I would never presume to argue that a human life is worth less than another, or that one person is more valuable to society than another. Dr Paul Dunne stated in an interview with The Mercury5 that if Euthanasia laws were to be passed, Tasmanians will lose the ability to grow from the experience of death, citing that in palliative care units the “person lying in the bed is very powerful in bringing families together.”
First of all, the “person lying in the bed” would still have the ability to speak to their family, they would have the ability to say goodbye and they would have the ability to bring their family together and share in those last moments. The difference being that in the instance of PAS, they would actually have their own individual capability to interact with the family members around them, something that may not be possible to all terminally ill patients in the final stages of their suffering. Dr Dunne admits that “There are some people in whom you cannot control pain without sacrificing their awareness.” In turn stating that for some terminally ill patients, their own awareness – that which actually makes them human in the first place – is less important than the alleviation of their pain! It is better, according to Dr Dunne, for a person to live in a painless and vegetative state than it is for them to die peacefully.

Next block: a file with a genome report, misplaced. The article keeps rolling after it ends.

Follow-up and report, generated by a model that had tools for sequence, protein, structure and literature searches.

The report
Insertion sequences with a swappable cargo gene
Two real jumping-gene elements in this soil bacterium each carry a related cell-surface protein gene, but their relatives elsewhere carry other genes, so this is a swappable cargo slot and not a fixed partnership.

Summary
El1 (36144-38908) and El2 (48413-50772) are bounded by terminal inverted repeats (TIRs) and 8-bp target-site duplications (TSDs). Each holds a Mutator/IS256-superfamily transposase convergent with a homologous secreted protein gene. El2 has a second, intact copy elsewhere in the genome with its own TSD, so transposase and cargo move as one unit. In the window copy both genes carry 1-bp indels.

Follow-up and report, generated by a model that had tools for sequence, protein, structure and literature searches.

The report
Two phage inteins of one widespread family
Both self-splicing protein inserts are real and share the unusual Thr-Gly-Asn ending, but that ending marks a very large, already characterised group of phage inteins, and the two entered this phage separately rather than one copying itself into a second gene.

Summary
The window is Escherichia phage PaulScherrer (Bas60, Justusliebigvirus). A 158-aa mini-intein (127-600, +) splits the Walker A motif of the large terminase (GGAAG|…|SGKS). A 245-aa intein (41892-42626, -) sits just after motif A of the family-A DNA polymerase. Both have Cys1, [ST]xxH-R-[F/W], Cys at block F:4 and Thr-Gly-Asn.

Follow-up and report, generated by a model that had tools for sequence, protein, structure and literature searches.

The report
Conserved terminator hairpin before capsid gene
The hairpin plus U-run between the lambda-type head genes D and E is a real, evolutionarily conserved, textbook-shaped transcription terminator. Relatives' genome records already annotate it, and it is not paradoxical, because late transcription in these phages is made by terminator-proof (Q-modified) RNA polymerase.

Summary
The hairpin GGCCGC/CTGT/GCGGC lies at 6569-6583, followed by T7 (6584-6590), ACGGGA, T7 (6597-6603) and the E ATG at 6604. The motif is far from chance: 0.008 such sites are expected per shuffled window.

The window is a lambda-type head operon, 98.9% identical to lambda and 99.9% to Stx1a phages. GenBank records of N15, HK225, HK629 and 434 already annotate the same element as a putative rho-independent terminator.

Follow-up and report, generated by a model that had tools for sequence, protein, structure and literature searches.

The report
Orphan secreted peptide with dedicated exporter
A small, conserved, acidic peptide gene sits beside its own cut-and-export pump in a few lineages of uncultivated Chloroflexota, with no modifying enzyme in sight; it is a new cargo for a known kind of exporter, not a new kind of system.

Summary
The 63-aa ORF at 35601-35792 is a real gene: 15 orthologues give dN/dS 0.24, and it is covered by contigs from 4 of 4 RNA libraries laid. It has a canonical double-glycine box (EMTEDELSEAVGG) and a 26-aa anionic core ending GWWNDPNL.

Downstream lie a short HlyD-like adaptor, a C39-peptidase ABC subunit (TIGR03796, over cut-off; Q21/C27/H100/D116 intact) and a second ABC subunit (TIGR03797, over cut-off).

More importantly, though, the argument is that the right of the suffering individual should be withheld for the benefit of others. Dr Dunne would suggest that the healthy family members surrounding the patient are of more worth than the patient themselves.
As humans, a large percentage of our population live in fear of death. It is a common affliction in our society that is born out of a variety of fears whether it is fear of the unknown; fear of dying itself or fear of what you believe will happen after death. Perhaps this is why we strive so hard to ensure that those around us also do not go through death. Death, though, is a natural part of living. No matter what we do with our life; how we live or what we believe, everyone will die one day. It is, perhaps, coming to terms with death that is one of the most important lessons that we can learn in life.
A person’s death, ultimately, is their own experience. When we stop being afraid of our own death, then we can accept the fact that a friend or family member has come to terms with their own, and has chosen to end their life with dignity and peace, rather than the slow and painful death of terminal illness. If there is a person more important in terminal illness, it is not the family surrounding the patient, but the patient themselves. The choice, therefore, should also be that person’s decision – no one else’s. Passing legislation that allows a person the right to make this choice entitles them to both dignity and compassion.
1 Can Euthanasia Be Dignified?
2 Definitions from Merriam-Webster Dictionary online
3 Dying with Dignity Act 2009
4 Characteristics and end-of-life care of 341 DWDA patients who died after ingesting a lethal dose of medication, Oregon, 1998-2007
5 Doctor challenges death Bill
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It has been a while since this debate was raised loudly in Australia. However, once again the debate on Euthanasia has raised its head, in Tasmania now, thanks to the introduction of a Bill to Tasmanian Parliament.
The Dying With Dignity Bill 37 of 2009, introduced by Nick McKim declares that it is “an Act to confirm the right of a person enduring a terminal illness with profound suffering to request assistance from a medically qualified person to voluntarily end his or her life in a humane and dignified manner”.